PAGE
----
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How many winning lines can you make in a three-dimensional version of noughts and crosses?

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How could Penny, Tom and Matthew work out how many chocolates there are in different sized boxes?

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Jo made a cube from some smaller cubes, painted some of the faces of the large cube, and then took it apart again. 45 small cubes had no paint on them at all. How many small cubes did Jo use?

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Imagine starting with one yellow cube and covering it all over with a single layer of red cubes, and then covering that cube with a layer of blue cubes. How many red and blue cubes would you need?

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The opposite vertices of a square have coordinates (a,b) and (c,d). What are the coordinates of the other vertices?

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Show that all pentagonal numbers are one third of a triangular number.

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Can you find a rule which connects consecutive triangular numbers?

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Imagine a large cube made from small red cubes being dropped into a pot of yellow paint. How many of the small cubes will have yellow paint on their faces?

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When number pyramids have a sequence on the bottom layer, some interesting patterns emerge...

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Try entering different sets of numbers in the number pyramids. How does the total at the top change?

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Watch these videos to see how Phoebe, Alice and Luke chose to draw 7 squares. How would they draw 100?

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Some students have been working out the number of strands needed for different sizes of cable. Can you make sense of their solutions?

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Can you find a rule which relates triangular numbers to square numbers?

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We can show that (x + 1)² = x² + 2x + 1 by considering the area of an (x + 1) by (x + 1) square. Show in a similar way that (x + 2)² = x² + 4x + 4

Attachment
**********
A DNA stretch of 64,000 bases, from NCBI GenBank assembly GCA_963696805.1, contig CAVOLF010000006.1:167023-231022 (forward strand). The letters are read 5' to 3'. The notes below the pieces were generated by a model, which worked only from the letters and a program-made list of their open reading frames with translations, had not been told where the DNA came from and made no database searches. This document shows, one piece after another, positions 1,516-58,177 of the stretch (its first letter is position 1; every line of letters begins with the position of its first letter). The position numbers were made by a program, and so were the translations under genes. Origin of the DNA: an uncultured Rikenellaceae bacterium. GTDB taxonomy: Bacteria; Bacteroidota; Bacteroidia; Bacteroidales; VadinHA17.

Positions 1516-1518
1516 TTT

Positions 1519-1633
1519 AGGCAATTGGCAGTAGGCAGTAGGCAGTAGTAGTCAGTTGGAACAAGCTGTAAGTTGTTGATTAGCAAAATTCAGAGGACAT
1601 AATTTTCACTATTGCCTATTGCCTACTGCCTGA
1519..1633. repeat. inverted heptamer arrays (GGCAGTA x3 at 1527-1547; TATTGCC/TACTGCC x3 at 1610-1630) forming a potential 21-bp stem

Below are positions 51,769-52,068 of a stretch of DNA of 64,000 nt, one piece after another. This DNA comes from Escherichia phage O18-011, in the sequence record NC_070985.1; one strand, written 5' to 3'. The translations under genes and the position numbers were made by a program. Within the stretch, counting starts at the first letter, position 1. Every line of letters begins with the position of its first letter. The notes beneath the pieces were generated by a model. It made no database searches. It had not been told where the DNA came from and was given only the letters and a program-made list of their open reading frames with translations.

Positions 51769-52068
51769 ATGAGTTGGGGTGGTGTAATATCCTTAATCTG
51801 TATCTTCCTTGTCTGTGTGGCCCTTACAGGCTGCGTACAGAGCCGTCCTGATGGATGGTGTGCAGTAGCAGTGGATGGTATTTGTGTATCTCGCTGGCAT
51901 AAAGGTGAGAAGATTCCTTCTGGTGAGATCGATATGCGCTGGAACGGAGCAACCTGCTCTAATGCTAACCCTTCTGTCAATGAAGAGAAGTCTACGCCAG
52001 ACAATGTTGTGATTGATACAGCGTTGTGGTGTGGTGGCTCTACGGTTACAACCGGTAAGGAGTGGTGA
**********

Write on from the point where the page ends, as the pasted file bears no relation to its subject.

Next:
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Find all the ways of placing the numbers 1 to 9 on a W shape, with 3 numbers on each leg, so that each set of 3 numbers has the same total.

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Can you see how to build a harmonic triangle? Can you work out the next two rows?

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Can you make sense of these three proofs of Pythagoras' Theorem?

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Jo has three numbers which she adds together in pairs. When she does this she has three different totals: 11, 17 and 22 What are the three numbers Jo had to start with?”

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Make some loops out of regular hexagons. What rules can you discover?

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How good are you at finding the formula for a number pattern ?

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Think of a number, add one, double it, take away 3, add the number you first thought of, add 7, divide by 3 and take away the number you first thought of. You should now be left with 2. How do I. . . .

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First of all, pick the number of times a week that you would like to eat chocolate. Multiply this number by 2...

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Kyle and his teacher disagree about his test score - who is right?

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Charlie likes tablecloths that use as many colours as possible, but insists that his tablecloths have some symmetry. Can you work out how many colours he needs for different tablecloth designs?

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Pick a square within a multiplication square and add the numbers on each diagonal. What do you notice?